Kriewaldt and North fail completely to show that the passages they address exclude women from the ministry. Their selective editing of the text to exclude passages that may be difficult to fit with their reading is just one issue. Far more problematic are their simplistic dismissal of opponents’ arguments without engagement, the self-contradiction inherent in their views, the failure to actually address the totality of the culture to which the letters were addressed, inconsistent literalism, their poisoning of the well, lack of knowledge or engagement with textual critical issues, and many more serious difficulties demonstrate that the complementarian perspective does not adequately address these texts. This is particularly important, because these two passages are the most powerful ones typically mustered by complementarians.

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Be sure to check out the page for this site on Facebook and Twitter for discussion of posts, links to other pages of interest, random talk about theology/philosophy/apologetics/movies and more!

Book Reviews– There are plenty more book reviews to read! Read like crazy! (Scroll down for more, and click at bottom for even more!)

Interpretations and Applications of 1 Corinthians 14:34-35– Those wondering about egalitarian interpretations of this same passage can check out this post for brief looks at some of the major interpretations of the passage from an Egalitarian viewpoint.

SDG.

——

The preceding post is the property of J.W. Wartick (apart from quotations, which are the property of their respective owners, and works of art as credited; images are often freely available to the public and J.W. Wartick makes no claims of owning rights to the images unless he makes that explicit) and should not be reproduced in part or in whole without the expressed consent of the author. All content on this site is the property of J.W. Wartick and is made available for individual and personal usage. If you cite from these documents, whether for personal or professional purposes, please give appropriate citation with both the name of the author (J.W. Wartick) and a link to the original URL. If you’d like to repost a post, you may do so, provided you show less than half of the original post on your own site and link to the original post for the rest. You must also appropriately cite the post as noted above. This blog is protected by Creative Commons licensing. By viewing any part of this site, you are agreeing to this usage policy.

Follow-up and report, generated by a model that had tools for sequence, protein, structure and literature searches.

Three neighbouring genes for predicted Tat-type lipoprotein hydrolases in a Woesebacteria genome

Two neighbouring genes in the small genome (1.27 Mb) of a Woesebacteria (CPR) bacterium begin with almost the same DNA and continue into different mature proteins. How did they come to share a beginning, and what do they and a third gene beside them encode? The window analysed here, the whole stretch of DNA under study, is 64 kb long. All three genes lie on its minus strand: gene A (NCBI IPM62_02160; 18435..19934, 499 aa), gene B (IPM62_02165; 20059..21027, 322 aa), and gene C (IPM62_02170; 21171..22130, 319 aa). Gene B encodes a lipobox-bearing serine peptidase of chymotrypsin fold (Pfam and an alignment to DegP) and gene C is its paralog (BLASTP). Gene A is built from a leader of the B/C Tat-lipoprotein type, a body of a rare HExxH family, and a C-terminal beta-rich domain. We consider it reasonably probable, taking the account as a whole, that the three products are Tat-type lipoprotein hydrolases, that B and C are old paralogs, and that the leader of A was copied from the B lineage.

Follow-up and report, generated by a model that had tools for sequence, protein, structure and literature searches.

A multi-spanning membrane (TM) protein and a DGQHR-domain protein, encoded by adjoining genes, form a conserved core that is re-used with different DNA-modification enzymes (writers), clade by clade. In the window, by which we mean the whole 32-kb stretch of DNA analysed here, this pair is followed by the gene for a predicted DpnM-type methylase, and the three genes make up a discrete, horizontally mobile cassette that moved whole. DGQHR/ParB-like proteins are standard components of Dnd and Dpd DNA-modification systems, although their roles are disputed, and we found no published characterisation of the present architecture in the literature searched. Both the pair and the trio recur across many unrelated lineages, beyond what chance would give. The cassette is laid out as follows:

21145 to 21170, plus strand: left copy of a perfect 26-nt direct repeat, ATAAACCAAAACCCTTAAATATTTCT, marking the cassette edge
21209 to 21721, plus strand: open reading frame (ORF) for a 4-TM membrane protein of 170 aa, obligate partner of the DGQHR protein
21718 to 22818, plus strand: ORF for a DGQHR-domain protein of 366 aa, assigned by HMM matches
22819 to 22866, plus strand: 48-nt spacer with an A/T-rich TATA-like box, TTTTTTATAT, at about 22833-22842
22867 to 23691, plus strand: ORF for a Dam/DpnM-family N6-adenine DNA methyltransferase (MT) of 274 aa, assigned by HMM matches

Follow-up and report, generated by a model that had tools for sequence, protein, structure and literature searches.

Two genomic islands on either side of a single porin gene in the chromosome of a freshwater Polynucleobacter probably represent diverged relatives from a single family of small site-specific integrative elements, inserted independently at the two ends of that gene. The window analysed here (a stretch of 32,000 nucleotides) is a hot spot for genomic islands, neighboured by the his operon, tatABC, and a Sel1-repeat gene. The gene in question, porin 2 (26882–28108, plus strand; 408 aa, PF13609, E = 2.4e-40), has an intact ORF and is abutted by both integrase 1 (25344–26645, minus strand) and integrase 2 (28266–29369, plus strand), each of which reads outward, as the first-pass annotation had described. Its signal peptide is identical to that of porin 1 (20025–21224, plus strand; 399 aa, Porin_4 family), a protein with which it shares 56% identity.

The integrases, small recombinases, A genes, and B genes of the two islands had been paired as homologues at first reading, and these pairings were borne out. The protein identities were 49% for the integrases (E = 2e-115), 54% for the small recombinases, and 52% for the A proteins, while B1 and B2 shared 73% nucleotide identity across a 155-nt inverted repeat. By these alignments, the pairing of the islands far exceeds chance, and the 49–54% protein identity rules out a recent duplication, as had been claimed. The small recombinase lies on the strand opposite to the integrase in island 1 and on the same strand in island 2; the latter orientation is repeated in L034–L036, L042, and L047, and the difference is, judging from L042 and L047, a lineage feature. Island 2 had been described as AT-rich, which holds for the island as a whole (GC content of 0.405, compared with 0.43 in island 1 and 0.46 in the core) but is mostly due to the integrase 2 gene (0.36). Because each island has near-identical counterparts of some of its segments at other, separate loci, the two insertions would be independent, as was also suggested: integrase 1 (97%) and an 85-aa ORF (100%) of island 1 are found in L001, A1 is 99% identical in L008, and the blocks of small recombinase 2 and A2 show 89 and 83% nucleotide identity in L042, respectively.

“1 Corinthians 14:33B-38, 1 Timothy 2:11-14, and the Ordination of Women” by Peter Kriewaldt and Geelong North, Part 1, in “Women Pastors?” edited by Matthew C. Harrison and John T. Pless

I grew up as a member of the Lutheran Church-Missouri Synod, a church body which rejects the ordination of women to the role of pastor. The publishing branch of that denomination, Concordia Publishing House, put out a book entitled Women Pastors? The Ordination of Women in Biblical Lutheran Perspective edited by Matthew C. Harrison (who is the current President of the LCMS) and John T. Pless. I have decided to take the book on, chapter-by-chapter, for two reasons. 1) I am frequently asked why I support women pastors by friends, family, and people online who do not share my position, and I hope to show that the best arguments my former denomination can bring forward against women pastors fail. 2) I believe the position of the LCMS and other groups like it is deeply mistaken on this, and so it warrants interaction to show that they are wrong. I will, as I said, be tackling this book chapter-by-chapter, sometimes dividing chapters into multiple posts. Finally, I should note I am reviewing the first edition published in 2008. I have been informed that at least some changes were made shortly thereafter, including in particular the section on the Trinity which is, in the edition I own, disturbingly mistaken. I will continue with the edition I have at hand because, frankly, I don’t have a lot of money to use to get another edition. Yes, I’m aware the picture I used is for the third edition.